First part of Oliver Stone's Vietnam-trilogy. The other two are Heaven & Earth (1993) and Born on the Fourth of July (1989). Many of the Platoon (1986) actors have bit parts in "Born."
In the aftermath of the end-fight, Francis stabs himself in his leg with a knife in order to get out of Vietnam. When Francis is seen leaving on the medical chopper, Rodriguez is also seen with a bandaged leg suggesting he too may have stabbed his own leg in order to get out of future military service.
Oliver Stone had an actual RPG fired towards the end. This added to the effect's realism.
The final battle in the movie was a recreation of an actual event that was witnessed by technical advisor Dale Dye, who was a combat correspondent with 2nd Btn, 3rd Marines.
Technical advisor Dale Dye is in a body bag being taken off a truck at the start of the film.
Just before the initiation of the end-fight, a NVA soldier is seen planting a yellow "axe" made of bamboo. The "axe" was a pointer to guide the NVA soldiers to the American base.
James Woods turned down a role, saying he "couldn't face going into another jungle with Oliver Stone."
Most of the voices heard over the radios are provided by technical advisor Dale Dye.
Director Oliver Stone remembered that while casting the movie, Kris Kristofferson was thrown around by some as a potential 'Sgt. Elias', since he was in real-life close to the character in type, and had been an Airborne Ranger. Stone, however, was not keen, as Kristofferson was "way too old" and had not had a hit movie since Convoy (1978).
The cast and crew arrived in the Philippines in early 1986, almost simultaneous to the beginning of the Edsa Revolution of 1986 that toppled Ferdinand Marcos. Willem Dafoe said that a day or two after he arrived in Manila, he awoke to see a column of tanks rolling down the streets.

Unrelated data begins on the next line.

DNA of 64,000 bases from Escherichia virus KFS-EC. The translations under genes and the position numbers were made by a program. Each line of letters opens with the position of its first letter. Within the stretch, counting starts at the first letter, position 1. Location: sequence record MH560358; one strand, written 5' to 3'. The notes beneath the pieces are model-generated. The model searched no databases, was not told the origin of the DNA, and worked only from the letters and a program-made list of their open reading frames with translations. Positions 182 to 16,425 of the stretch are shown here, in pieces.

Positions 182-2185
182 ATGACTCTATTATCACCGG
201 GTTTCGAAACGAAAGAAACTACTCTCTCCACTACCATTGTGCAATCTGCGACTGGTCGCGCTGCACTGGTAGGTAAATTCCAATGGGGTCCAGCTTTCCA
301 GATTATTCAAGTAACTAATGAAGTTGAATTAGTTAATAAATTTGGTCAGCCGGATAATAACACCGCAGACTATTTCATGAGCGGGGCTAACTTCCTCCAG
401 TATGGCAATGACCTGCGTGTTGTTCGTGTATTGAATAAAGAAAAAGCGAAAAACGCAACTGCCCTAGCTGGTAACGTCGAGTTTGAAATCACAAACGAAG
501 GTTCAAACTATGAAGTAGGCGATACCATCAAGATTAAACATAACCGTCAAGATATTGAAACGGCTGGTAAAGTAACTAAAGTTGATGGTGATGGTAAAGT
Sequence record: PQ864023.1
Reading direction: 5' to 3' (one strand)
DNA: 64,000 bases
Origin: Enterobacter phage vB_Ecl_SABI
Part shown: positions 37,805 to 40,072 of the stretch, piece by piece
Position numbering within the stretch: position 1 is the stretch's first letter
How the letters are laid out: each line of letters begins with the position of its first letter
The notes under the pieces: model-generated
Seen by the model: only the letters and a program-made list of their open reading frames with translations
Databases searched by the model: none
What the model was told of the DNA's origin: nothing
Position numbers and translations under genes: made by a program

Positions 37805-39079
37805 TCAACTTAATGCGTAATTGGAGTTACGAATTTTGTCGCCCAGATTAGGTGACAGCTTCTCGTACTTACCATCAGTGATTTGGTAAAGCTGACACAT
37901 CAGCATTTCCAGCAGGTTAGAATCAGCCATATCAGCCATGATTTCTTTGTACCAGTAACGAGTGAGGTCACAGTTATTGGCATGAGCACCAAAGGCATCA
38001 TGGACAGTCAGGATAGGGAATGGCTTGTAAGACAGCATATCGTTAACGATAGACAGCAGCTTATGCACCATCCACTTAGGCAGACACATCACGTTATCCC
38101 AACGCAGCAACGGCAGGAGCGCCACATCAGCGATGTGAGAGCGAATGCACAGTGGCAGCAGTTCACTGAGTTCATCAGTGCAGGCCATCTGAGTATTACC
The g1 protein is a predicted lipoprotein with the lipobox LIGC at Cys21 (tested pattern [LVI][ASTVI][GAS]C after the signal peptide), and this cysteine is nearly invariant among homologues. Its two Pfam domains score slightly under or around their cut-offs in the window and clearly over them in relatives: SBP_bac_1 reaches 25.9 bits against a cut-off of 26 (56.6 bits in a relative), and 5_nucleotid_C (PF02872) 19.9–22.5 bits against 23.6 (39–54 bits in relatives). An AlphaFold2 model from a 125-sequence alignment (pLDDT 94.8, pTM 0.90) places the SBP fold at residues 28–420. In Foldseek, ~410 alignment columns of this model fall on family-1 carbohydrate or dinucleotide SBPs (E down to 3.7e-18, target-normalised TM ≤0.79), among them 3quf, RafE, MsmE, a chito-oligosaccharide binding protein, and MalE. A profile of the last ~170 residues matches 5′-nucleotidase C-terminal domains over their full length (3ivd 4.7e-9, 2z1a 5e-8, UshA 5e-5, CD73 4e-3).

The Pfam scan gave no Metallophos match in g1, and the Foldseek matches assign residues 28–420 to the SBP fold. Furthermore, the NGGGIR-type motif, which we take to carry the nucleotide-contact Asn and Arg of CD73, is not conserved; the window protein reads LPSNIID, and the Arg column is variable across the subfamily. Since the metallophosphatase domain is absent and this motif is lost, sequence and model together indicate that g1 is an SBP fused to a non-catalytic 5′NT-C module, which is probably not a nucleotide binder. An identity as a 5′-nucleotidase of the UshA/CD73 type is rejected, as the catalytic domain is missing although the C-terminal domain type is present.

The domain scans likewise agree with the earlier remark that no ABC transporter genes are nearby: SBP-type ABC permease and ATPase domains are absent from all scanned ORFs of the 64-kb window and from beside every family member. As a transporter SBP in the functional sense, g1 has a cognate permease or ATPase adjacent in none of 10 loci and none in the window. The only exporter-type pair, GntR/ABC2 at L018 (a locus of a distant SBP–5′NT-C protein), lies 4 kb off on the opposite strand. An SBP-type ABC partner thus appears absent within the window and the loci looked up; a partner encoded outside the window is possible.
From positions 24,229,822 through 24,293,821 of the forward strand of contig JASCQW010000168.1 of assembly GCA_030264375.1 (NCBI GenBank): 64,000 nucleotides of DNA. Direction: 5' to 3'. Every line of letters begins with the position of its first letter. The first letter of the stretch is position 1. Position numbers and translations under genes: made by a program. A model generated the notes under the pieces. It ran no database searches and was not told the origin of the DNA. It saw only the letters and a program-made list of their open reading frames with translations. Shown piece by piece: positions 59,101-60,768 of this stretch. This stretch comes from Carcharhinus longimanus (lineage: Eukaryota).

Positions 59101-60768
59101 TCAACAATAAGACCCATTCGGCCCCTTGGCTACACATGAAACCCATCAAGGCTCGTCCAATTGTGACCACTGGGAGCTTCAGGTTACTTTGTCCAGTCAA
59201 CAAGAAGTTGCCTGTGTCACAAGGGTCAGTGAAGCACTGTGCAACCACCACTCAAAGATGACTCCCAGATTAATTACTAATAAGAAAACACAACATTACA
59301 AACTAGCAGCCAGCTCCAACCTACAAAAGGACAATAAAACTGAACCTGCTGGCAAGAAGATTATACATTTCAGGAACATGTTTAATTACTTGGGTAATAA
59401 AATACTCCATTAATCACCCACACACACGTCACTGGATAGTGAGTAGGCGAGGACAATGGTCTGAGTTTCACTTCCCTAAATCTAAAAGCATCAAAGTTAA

Prior to going after Elias (Willem Dafoe), Sgt. Barnes (Tom Berenger) threatens to "Article 15" Taylor unless they return to the base camp. Article 15 is a section of the Uniform Code of Military Justice that allows superiors to mete out non-judicial punishment under certain conditions. Specifically, it spells out U.S. military punishment for serious insubordination.
At the end of the scene where Willem Dafoe and John C. McGinley are arguing about whose team should have to pull perimeter watch, John C. McGinley's character says, "Guy's in 3 years and he thinks he's Jesus F'n Christ or something." Dafoe went on to play Jesus in The Last Temptation of Christ (1988) one year later.
According to Charlie Sheen, he kissed the ground when he returned home from filming in the Philippines.
The dog tags which make up the double O's in the poster for the film are those of Willem Dafoe's character Sgt. Elias Grodin. Grodin, Elias K. 3365664125 USKC-987654
Technical advisor Dale Dye was also the door-gunner on one of the Hueys after the church ambush. He made sure that his visor was down to disguise the identity of the gunner, as Dye also played Captain Harris.